The Rangers share issue cash has been frittered away. Season ticket money is in, but how long can it last with McCoist trying to drive the squad to American football team proportions? When that money is gone and there is no way to pay the bills, friends and neighbours, the lights will go out and the phones will go off, and they won’t be able to water the pitch let alone stage football games.

And that is going to happen. Nothing is surer.

Leeds fans got used to their new reality much quicker than Rangers will. Both sides suffered the loss of an entire first team of players. Both rebuilt the squad quickly and at great expense. That drove Leeds to another administration and the loss of another team. When the crisis began they’d thought the sales of top players would be enough. It wasn’t. The training ground followed, and fans had to get used to that. They thought it would be enough. It wasn’t. When the stadium was sold they were told that was the final necessary evil, yet it wasn’t.

When Ken Bates took over the club fans screamed that he should get the cheque book out and start spending again. In a much publicised tirade against them, he called them “morons”, and although I don’t like Bates, I had to agree with him. What the Leeds fans wanted was a return to the madness. For the club to embrace the same policies that had put them in trouble.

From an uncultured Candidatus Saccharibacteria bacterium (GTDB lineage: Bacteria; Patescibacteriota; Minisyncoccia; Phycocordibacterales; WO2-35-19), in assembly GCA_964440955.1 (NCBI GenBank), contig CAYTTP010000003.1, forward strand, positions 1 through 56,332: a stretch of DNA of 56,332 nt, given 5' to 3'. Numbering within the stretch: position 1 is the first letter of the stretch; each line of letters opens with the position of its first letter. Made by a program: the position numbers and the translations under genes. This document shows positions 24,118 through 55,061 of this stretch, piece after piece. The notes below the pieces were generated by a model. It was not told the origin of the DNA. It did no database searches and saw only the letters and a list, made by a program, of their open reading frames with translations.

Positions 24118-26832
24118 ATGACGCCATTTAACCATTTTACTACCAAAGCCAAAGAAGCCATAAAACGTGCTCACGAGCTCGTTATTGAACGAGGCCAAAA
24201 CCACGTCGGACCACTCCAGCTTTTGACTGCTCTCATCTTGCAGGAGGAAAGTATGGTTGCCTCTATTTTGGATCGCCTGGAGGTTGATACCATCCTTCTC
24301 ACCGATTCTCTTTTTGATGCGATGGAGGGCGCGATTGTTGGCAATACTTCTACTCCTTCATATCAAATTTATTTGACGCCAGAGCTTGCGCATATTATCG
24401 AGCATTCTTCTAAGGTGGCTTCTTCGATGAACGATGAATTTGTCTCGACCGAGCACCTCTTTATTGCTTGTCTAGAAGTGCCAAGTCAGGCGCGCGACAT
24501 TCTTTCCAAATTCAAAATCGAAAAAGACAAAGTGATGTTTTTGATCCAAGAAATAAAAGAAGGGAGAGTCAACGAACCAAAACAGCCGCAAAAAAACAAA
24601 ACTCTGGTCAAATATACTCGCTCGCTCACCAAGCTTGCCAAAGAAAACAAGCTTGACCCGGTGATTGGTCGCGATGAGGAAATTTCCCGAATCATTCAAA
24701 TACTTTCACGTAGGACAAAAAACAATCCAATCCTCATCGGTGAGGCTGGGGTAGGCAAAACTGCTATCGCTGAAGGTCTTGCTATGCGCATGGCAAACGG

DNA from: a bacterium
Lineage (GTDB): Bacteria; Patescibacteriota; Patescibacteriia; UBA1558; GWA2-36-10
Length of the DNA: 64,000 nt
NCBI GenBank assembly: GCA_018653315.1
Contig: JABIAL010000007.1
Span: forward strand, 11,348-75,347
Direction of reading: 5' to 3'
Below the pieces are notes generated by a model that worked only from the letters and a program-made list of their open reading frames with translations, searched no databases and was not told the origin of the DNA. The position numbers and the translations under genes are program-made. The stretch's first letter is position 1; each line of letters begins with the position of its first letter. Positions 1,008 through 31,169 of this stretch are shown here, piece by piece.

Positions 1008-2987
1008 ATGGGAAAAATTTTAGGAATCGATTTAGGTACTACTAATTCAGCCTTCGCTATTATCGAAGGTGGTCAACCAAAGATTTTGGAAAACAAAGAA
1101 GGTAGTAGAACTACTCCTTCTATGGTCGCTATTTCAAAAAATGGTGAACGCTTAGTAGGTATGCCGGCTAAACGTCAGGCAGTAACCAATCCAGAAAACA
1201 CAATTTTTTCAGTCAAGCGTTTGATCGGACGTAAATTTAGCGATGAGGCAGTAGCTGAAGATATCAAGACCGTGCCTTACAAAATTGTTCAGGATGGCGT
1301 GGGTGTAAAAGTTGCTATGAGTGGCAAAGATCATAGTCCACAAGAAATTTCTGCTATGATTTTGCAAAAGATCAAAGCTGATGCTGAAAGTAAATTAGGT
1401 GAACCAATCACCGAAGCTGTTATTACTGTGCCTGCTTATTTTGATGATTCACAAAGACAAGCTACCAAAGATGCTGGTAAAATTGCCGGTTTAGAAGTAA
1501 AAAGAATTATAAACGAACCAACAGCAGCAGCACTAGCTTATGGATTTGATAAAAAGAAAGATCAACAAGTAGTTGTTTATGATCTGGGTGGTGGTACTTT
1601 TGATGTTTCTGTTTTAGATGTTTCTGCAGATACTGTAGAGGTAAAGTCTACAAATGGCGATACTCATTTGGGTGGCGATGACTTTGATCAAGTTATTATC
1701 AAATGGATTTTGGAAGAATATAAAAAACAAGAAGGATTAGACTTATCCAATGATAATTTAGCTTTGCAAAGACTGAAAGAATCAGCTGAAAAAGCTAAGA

At this juncture, let me point out that I’ve written three highly critical articles in recent weeks, levelling blame at the Celtic board for not reinvesting our transfer income in new players. So at the risk of sounding like a “moron”, let me clarify.

I am asking Celtic only to spend what they can afford, and I believe paying £5 million for a player who is scoring goals for fun in the Dutch league is a reasonable investment, especially if his goals get you into the Champions League, where his transfer fee will be repaid four or five times. Furthermore, I wasn’t necessarily even asking for that particular transfer. One name haunts me, and it has all summer, and will continue to haunt me for years if his career trajectory assumes the levels I believe it will. He’s Johnny Russell, who would have been a fantastic signing … and for a little over £1 million. I cannot believe he is not a Celtic player.

Nir Biton is a wonderful footballer, and would be a sensation in a Celtic shirt, and would cost a pittance. I believe if the reports about him are true that it would reflect magnificently on us if we could capture such a gifted player for such a small fee, and I would be thrilled at seeing him in the famous green and white hoops.

In short, no-one is asking for the club to spend tens of millions, to run up debts, to spend money we don’t have. I want them to show ambition. Imagination. I want something better than a Billy Sharp or a Kevin Doyle. It doesn’t have to break the bank.